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St. Albert author releases first crime novel

Curtis LeBlanc's novel Sunsetter is the topic of discussion at the premiere STARFest Conversations taking place at the St. Albert Public Library on Sunday, March 26.
Literary writer Curtis LeBlanc, a former St. Albert resident now living in Vancouver, will be the first guest at STARFest Conversations on Sunday, March 26 at the St. Albert Public Library. SUPPLIED

A St. Albert raised author has published a riveting book that is equal parts crime novel and literary fiction. Curtis LeBlanc’s Sunsetter is a raw fictional story dealing with the opioid crisis, adolescent isolation, police corruption and the shallowness of pervasive capitalism. 

Although LeBlanc now lives in Vancouver, the 242-page read is a love letter to St. Albert. The action takes place in Perron, a prairie town enduring the after-effects of an oil boom. There are numerous local references sprinkled throughout the plot. The most impactful is Sunsetter Rodeo loosely based on LeBlanc’s adolescent experiences at Rainmaker. 

And although the story is fiction, anyone familiar with Rainmaker will be swiftly reminded of one of St. Albert’s biggest annual celebrations. 

“I wanted to write a page turner — something that was interesting and exciting, and people would find themselves immersed in,” said LeBlanc. “I hope the book gets read and people understand how close the opioid crisis is in any community. The idea of Perron is that any town in the prairies could be affected.”  

As the plot starts Dallen and his buddy Brooks score a couple of hits from a carny selling drugs. In a quiet spot away from the carnival noise, they swallow a pillow followed by beer. Brooks has a shocking reaction and dies on the grounds. 

In a parallel storyline, Hannah is in a relationship with Nick, a carny who passed through town the year before. He’s been on the road saving money so he can quit the carnival and hook up with Hannah upon his return. Unfortunately, Nick too is killed. 

Angry, confused and grieving, Dallen and Hannah form an unlikely partnership to uncover the corruption in Perron’s underbelly. With a restless population of bored adolescents and young adults as well as detectives involved in the drug trade, the author detonates one bomb after another. 

LeBlanc was personally affected by the opioid crisis when a friend died from an overdose in junior high. 

“We were young enough we didn’t know much. The opioid crisis had just begun at that time. It was my first personal exposure, and the crisis continued to grow in severity and sadness. Here in B.C., decriminalizing drugs is a big step forward. We need to reduce the stigma so people feel they can reach out to addiction counsellors and reduce the harm they can engage in.”  

The former St. Albert resident moved west to attend the University of British Columbia’s creative writing program in 2010. The warm climate, quality of life, a coterie of like-minded writers and a romantic interest fuelled his desire to remain in Vancouver.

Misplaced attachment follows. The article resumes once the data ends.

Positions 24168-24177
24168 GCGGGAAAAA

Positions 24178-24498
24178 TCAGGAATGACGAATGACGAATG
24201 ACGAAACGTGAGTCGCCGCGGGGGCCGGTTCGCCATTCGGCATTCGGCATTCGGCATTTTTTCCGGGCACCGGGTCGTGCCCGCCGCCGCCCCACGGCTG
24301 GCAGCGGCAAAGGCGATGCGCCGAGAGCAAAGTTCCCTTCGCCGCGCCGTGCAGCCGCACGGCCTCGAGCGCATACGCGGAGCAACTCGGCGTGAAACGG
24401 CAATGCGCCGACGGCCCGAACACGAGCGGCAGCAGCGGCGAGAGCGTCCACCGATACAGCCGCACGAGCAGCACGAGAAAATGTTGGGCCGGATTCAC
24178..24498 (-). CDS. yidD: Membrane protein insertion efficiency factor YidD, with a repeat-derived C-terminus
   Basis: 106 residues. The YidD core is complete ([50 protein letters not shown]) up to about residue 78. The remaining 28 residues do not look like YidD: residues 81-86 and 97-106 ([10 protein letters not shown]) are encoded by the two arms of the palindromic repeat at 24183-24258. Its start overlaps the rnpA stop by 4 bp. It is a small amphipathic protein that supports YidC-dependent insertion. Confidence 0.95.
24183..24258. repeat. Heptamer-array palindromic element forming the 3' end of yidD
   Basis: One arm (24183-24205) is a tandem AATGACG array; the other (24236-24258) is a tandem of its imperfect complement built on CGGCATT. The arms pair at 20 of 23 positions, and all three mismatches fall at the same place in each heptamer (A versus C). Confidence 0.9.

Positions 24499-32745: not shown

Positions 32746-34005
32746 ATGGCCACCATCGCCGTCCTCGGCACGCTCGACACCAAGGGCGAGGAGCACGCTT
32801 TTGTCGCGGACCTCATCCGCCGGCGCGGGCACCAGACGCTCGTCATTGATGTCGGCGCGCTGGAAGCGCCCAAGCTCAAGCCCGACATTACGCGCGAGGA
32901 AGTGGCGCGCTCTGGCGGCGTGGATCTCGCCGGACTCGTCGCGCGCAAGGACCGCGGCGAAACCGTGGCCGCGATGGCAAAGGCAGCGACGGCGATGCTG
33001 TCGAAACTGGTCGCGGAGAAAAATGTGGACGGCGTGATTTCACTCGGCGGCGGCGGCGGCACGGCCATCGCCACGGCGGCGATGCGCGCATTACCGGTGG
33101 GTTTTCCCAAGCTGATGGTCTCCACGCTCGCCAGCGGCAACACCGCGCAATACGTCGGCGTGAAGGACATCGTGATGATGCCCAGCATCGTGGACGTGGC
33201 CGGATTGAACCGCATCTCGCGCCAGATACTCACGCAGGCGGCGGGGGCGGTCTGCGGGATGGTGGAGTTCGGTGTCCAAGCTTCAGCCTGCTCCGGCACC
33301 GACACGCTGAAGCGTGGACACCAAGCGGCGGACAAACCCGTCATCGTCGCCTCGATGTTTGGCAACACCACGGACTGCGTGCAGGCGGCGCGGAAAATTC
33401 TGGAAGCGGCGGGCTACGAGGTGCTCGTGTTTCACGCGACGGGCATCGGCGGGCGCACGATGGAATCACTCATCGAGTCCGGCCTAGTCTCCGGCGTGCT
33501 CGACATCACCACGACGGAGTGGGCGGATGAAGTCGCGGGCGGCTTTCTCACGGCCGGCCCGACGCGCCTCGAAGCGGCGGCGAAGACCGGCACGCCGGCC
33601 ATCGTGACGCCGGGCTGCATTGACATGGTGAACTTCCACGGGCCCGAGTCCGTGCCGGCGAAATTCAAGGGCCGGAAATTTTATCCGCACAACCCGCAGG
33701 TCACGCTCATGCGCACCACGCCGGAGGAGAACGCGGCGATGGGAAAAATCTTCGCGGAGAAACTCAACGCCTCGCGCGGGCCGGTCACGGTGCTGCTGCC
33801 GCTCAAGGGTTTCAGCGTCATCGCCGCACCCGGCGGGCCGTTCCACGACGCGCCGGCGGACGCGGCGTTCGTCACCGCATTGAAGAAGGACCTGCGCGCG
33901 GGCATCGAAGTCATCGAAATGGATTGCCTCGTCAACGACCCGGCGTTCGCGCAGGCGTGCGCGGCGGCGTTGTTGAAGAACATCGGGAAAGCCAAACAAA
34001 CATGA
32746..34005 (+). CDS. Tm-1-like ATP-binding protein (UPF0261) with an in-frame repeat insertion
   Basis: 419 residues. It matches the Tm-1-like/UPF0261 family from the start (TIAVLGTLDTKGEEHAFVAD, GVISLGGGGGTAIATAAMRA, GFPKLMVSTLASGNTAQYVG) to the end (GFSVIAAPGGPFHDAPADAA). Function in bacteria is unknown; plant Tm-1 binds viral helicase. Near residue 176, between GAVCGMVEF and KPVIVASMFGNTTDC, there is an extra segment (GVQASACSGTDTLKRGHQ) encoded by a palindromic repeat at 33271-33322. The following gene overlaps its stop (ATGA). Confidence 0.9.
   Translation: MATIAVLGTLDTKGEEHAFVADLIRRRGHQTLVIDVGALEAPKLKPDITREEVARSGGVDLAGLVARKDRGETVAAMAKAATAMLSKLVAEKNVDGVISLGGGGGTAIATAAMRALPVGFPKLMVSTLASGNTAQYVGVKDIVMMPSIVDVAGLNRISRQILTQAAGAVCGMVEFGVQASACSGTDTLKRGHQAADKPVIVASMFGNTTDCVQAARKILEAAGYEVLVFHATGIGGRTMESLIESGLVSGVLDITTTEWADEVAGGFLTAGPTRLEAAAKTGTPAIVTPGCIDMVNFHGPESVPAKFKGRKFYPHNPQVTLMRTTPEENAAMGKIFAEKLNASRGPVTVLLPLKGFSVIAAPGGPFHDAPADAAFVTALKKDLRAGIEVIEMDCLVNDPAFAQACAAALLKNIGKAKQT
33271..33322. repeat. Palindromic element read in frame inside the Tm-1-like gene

During his time out west, LeBlanc earned an MFA, wrote a novel as a thesis project and published two books of poetry: Little Wild (2018) and Birding in the Glass Age of Isolation (2020). He is recognized as recipient of the Reader’s Choice Award in the Arc Poem of the Year and was shortlisted for The Walrus Poetry Prize. 

His poetic writing style shines on every page of Sunsetter. And by not using quotes to differentiate dialogue from narrative, the reader understands a character’s every inner thought and emotion while simultaneously remaining a distant observer of the action.  

In a respectful nod to LeBlanc’s accomplishments, he is invited to kick-off the newly created STARFest Conversations, a series of intimate Sunday afternoon author chats at the St. Albert’s Downtown Public Library. 

Michelle Steinhusen, STARFest Festival Director, explained that every year the library receives more author requests to participate in the fall festival than the library can accommodate. 

“Conversations is an idea so we can invite fantastic local authors. Before COVID we did much more with local authors and authors passing through. This is a way of restarting it with a fresh approach.” 

Poet Laureate Lauren Seal will host LeBlanc in a discussion about his novel followed by a Q&A from attendees. Normally, copies of books will be available in the library for readers to peruse in advance of the free event. 

“We hope to have the author book in the library so people can read ahead and ask the author questions,” Steinhusen said. Since Sunsetter is being released in April, LeBlanc will bring copies hot-off-the-press for a book signing. 

STARFest Conversations is on Sunday, March 26 at 2 p.m. in the downtown public library's Forsythe Hall. Interested readers are encouraged to subscribe to a newsletter at

Anna Borowiecki

About the Author: Anna Borowiecki

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